Chances are you use the "Emoji" keyboard on your iPhone, but did you know that iOS also has an emoticon keyboard? Whenever you want to use an emoticon, just use this hidden keyboard instead of trying to type your expression out manually.
Emoticons may not be the bright, colorful icons we've come to love on smartphones, but they're equally cute expressions with many possibilities and looks that emoji just hasn't come up with yet. For example, "shrug" anyone?
Usually, you need to type emoticons out piece by piece, and your current typing keyboard might not even have all the Unicode characters that you need. That's when copy/pasting from the internet comes into play, but that's a lot of work too.
While we suggest that you make your most-used emoticons into keyboard shortcuts for quick and easy access, whenever you need something more, nothing beats the convenience of the built-in emoticon keyboard. And if you're asking yourself why you've never seen or heard of this keyboard before, it's probably because you don't speak Japanese.
To begin, open the Settings app, tap "General," then tap "Keyboard." On the next page, tap "Keyboards" at the top of the page, then tap "Add New Keyboard."
Scroll down the list of keyboards, then select "Japanese." You'll see two options, but you'll want to tap "Romaji," which translates Japanese characters into Romanized characters English-speakers would recognize. Once selected, tap "Done" in the top-right corner to exit back to the Keyboards page.
If you want to make this keyboard the default throughout your iPhone, tap "Edit" in the top-right corner of the display, then tap-and-hold on the three lines to the right of "Japanese – Romaji." Drag the keyboard to the top of the list, then tap "Done" to solidify it as your default keyboard.
Now that you have the keyboard set up, you're ready to select and send emoticons to anyone you wish. Open up any app that you can type in, like Messages, then tap where you need to, to bring up the keyboard. If you set "Japanese – Romaji" as your default keyboard, it should pop up immediately.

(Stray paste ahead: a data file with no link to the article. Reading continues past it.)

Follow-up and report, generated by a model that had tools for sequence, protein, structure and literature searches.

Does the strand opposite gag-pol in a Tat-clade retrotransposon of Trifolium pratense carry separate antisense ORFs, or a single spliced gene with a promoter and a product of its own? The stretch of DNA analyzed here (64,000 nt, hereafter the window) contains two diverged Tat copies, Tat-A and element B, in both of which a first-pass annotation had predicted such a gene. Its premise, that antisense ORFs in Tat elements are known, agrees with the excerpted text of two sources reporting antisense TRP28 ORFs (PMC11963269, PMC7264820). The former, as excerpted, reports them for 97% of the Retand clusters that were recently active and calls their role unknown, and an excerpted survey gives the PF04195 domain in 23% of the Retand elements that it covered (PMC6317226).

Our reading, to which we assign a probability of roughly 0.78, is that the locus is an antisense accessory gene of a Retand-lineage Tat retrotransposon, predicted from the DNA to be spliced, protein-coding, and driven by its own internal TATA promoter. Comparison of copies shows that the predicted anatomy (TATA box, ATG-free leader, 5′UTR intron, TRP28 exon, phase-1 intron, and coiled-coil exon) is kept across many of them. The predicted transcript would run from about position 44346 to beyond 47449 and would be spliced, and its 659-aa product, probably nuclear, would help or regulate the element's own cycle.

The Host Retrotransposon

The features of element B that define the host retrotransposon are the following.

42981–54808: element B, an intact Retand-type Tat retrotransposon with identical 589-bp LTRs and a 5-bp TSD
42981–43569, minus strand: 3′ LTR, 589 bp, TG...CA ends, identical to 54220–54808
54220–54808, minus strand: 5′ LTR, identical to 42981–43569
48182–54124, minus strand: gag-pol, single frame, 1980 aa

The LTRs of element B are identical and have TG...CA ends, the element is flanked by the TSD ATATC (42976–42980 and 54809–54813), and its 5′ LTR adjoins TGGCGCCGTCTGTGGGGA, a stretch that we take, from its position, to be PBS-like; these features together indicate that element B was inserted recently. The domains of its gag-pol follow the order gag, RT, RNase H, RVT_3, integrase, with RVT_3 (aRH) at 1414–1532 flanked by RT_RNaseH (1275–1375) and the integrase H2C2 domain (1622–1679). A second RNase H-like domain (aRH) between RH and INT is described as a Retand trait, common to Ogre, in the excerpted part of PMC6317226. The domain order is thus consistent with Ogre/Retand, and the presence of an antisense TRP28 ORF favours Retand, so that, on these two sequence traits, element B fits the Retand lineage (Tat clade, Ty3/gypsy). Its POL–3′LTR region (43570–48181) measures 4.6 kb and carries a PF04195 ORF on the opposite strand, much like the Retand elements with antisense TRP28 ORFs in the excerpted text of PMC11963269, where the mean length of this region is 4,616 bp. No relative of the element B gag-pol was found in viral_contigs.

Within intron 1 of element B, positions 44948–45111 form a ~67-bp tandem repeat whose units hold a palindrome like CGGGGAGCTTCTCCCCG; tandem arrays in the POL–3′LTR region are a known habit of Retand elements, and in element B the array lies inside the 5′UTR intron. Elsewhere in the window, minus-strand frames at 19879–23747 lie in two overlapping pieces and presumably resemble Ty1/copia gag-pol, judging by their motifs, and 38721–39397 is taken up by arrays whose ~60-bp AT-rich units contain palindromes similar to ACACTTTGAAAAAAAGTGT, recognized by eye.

If it doesn't open immediately, tap the globe icon (the keyboard switcher) to cycle through all keyboards until you reach Romaji. Alternatively, you can tap-and-hold the globe to access a short list of all your keyboards, from which you can select "Japanese – Romaji" (which will actually be some Japanese characters).
Once in the Romaji keyboard, tap the "123" key in the bottom-left corner, then tap the "^_^" key on the right to access the secret emoticon keyboard.
From here, you can swipe left to view all emoticons. However, there are too many emoticons to make this method worthwhile in many cases. Tap the "^" icon (the circumflex accent or up arrow) to the right to open up the keyboard in a larger window. This change makes finding an appropriate emoticon much easier.
When you find an emoticon you like, just tap on it. The emoticon keyboard will disappear, and the emoticon itself will be loaded where you're typing. You can delete any part of the emoticon you'd like to since it is only made up of individual Unicode characters.
Oh, and in case you were looking for it, the "shrug" emoticon isn't listed in this keyboard. This keyboard doesn't list all emoticons, just a decent selection of Eastern-style emoticons called kaomoji," as well as some Western ones as well.